Researchers aim to sneak antibiotics into bacteria via naturally occurring molecule

Conjugated drug with a siderophore (blue) linked to an antibiotic (green)--Courtesy of Washington University

Researchers are attempting to develop methods of sneaking drugs past bacteria's external defense system by delivering therapies via molecules that bacteria secrete to find and obtain iron.

There are several advantages to conjugating drugs to iron-scavenging siderophores, explained Washington University chemistry professor, Timothy Wencewicz in an article in the science news service Phys.org.

"Today when you walk in with the symptoms of a bacterial infection," Wencewicz said, "you are treated with a broad-spectrum antibiotic because we lack the ability to identify a bacterial strain quickly. And that means every type of bacteria in your body is exposed to that antibiotic." This promotes antibacterial resistance, and may harm helpful bacteria within the body.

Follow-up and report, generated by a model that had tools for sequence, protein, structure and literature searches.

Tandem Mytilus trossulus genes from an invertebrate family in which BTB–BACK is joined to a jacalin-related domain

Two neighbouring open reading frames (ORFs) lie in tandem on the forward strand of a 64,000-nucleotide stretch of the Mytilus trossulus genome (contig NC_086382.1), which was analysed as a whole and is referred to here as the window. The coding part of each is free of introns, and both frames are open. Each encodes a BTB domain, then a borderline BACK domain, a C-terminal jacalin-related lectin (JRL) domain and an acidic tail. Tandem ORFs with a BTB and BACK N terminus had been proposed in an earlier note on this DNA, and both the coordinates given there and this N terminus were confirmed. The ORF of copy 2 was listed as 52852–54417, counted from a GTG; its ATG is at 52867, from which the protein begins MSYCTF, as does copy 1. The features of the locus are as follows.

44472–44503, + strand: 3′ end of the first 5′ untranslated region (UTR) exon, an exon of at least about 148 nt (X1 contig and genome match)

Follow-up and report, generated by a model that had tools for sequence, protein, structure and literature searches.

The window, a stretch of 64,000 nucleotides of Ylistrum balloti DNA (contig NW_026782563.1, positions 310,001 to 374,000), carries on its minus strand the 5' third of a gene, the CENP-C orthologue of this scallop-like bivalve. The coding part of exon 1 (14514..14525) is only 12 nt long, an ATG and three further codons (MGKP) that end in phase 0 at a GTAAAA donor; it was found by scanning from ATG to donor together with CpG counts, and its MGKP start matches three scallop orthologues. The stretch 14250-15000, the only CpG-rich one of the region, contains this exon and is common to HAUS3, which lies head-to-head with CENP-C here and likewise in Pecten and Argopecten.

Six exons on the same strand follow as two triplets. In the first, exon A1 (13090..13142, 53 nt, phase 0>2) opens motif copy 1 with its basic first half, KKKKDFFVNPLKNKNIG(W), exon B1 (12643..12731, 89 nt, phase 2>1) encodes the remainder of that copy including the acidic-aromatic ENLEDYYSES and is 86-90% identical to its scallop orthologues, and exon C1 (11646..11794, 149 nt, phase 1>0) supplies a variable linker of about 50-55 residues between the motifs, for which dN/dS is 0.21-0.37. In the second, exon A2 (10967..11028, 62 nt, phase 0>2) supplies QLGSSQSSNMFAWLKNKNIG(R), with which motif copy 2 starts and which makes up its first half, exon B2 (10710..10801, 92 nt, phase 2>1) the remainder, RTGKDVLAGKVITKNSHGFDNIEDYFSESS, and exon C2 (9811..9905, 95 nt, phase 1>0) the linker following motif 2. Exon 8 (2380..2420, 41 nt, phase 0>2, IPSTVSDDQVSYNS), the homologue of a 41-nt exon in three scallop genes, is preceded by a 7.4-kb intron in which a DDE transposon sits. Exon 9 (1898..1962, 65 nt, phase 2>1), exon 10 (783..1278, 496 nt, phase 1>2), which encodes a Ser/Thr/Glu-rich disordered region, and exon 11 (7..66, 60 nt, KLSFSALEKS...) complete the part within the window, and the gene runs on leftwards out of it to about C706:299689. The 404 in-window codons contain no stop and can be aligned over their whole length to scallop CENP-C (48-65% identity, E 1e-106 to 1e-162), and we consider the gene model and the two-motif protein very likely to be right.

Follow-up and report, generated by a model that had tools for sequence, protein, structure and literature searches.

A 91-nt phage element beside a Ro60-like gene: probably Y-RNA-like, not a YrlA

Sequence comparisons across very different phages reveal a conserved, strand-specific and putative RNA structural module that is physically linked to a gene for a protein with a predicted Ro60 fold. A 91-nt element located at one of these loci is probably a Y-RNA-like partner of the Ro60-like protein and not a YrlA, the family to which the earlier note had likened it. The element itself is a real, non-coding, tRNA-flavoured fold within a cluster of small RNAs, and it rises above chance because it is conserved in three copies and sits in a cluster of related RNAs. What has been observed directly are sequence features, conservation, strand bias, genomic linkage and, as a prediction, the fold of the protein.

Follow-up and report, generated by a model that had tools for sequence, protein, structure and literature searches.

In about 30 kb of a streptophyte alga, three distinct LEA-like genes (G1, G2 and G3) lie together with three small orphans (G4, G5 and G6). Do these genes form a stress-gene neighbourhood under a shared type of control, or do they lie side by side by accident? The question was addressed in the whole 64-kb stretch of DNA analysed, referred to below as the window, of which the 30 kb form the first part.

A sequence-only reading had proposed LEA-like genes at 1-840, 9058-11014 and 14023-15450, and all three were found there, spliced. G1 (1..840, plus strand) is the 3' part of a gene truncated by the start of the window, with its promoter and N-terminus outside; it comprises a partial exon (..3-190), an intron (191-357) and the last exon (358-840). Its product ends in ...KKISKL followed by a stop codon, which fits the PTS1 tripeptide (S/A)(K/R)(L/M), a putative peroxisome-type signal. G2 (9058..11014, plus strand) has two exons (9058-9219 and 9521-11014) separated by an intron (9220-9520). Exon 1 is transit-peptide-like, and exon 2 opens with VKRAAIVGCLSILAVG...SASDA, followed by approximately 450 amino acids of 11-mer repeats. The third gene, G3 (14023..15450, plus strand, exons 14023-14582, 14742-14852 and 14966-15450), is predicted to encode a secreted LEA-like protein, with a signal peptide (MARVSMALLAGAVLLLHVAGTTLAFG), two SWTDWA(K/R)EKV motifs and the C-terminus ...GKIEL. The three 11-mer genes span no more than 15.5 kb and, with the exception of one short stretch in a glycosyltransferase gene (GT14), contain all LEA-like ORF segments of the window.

Wencewicz said siderophore drug delivery can overcome this problem because each species of bacteria secretes unique siderophores molecules, so conjugating antibiotics to specific types of siderophores enables targeted delivery. He added that dosage size would be reduced under this drug delivery system because the therapy would evade bacteria's external defenses.

Recently researchers at MIT revealed that they have successfully conjugated two antibiotics, ampicillin and amoxicillin, to enterobactin, a siderophore molecule. They found that the conjugated antibiotics performed better against E. coli bacteria. In some cases, the conjugates were up to 1,000 times more potent, according to an explanation published by the American Chemical Society.

Wencewicz said the new approach will require better diagnostics to identify bacterial species so that the correct siderophore can be targeted.

- read Timothy Wencewicz's overview of the delivery method
- read about the MIT research

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